Since Obamacare Enrollment Began, 6 Million More People Have Gained Public Insurance

An enrollment counselor helps Jerome Davis Jr. 36, sign up for Medicaid in Chicago. CREDIT: AP PHOTO/M. SPENCER GREEN
An enrollment counselor helps Jerome Davis Jr. 36, sign up for Medicaid in Chicago. CREDIT: AP PHOTO/M. SPENCER GREEN

By the end of Obamacare’s open enrollment period, six million additional low-income Americans were enrolled in public insurance programs compared to the period before the health law’s coverage expansion, according to a new report from the Health and Human Services Department. The new enrollees were most highly concentrated in the states that agreed to expand their Medicaid programs.

Those six million people — who include enrollees in both Medicaid and the Children’s Health Insurance Program (CHIP) — are in addition to the eight million Americans who signed up for private plans on Obamacare’s state level insurance markets between October and April. Government officials are cautioning that the number of new public insurance enrollees may actually be even higher than that, since not every state has reported their data yet. And unlike the open enrollment period for the private marketplaces, people can enroll in Medicaid year round.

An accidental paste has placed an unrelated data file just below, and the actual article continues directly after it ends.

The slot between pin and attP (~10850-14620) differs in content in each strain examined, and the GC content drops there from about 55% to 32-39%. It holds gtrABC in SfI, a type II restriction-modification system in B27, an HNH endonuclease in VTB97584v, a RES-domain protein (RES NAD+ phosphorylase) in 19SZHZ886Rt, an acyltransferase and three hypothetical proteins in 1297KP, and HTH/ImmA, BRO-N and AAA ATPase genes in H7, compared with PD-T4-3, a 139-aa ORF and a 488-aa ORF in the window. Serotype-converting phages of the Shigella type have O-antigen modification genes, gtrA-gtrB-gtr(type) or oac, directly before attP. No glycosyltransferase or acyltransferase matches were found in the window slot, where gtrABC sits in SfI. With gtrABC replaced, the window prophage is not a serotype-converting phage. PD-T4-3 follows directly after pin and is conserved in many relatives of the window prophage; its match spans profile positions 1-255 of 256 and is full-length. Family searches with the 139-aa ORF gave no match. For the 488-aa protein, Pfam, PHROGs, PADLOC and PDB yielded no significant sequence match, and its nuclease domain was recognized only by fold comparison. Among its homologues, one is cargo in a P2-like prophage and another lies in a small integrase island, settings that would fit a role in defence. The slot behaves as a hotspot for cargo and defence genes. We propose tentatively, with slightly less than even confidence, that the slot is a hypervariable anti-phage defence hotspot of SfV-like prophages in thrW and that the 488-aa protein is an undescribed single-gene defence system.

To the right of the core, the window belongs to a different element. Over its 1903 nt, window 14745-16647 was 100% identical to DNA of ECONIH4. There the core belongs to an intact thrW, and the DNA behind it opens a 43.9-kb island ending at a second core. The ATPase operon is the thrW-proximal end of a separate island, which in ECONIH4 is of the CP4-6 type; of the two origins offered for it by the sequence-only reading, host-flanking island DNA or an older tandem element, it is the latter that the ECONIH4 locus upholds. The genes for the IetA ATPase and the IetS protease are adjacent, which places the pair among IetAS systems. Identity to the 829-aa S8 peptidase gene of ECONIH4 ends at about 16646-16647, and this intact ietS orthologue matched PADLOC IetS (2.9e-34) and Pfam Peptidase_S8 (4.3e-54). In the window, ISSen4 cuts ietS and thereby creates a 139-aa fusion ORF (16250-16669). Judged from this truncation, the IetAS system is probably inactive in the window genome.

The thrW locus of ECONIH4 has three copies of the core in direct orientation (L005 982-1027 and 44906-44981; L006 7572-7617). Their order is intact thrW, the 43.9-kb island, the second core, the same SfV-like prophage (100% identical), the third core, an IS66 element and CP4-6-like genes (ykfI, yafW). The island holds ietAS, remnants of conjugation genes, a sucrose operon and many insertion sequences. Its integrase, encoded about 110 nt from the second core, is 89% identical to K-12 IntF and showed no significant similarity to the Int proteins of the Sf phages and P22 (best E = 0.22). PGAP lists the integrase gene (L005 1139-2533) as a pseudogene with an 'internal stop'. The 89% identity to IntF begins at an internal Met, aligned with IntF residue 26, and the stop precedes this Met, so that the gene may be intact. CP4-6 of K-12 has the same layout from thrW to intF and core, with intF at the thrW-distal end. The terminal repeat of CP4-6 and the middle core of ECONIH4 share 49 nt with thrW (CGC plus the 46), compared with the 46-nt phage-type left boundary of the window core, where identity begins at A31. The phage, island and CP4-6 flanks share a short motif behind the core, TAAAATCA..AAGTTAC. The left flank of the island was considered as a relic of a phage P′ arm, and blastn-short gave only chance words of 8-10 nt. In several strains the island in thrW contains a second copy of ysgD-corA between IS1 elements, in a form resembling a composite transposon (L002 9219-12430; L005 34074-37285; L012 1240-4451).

However, those gains aren’t being shared equally across states. “As we’ve seen for months, growth was more pronounced in states that adopted the Medicaid expansion: Enrollment in those states rose by 15.3 percent compared to the average enrollment from July through September 2013 while states that have not expanded reported only a 3.3 percent increase in enrollment during that same time period,” health officials explained in a blog post.

The disparity between the expansion and non-expansion states isn’t surprising. For months, the uninsurance rate has been falling faster in the states that have embraced the central tenets of Obamacare, including the expansion of Medicaid coverage to additional low-income residents. Meanwhile, thanks to GOP lawmakers’ continued resistance to this aspect of health reform, some of the poorest Americans have been locked out of health reform altogether.

Not every person who signed up for Medicaid over the past six months was a direct beneficiary of Obamacare’s expansion of the program. Some of them were likely simply re-enrolling in coverage. Others, such as the new enrollees in the states that didn’t agree to expand Medicaid, may have already been eligible for coverage, but didn’t sign up until the news coverage around Obamacare made them more aware of their health care options. Health policy analysts call that the “woodwork effect.”

Still, the Department of Health and Human Services notes that Obamacare is playing a big role. “Because of the Affordable Care Act, many consumers now have access to new, affordable, private health insurance options in the Health Insurance Marketplace, while many others are now eligible for their state’s Medicaid programs,” officials write.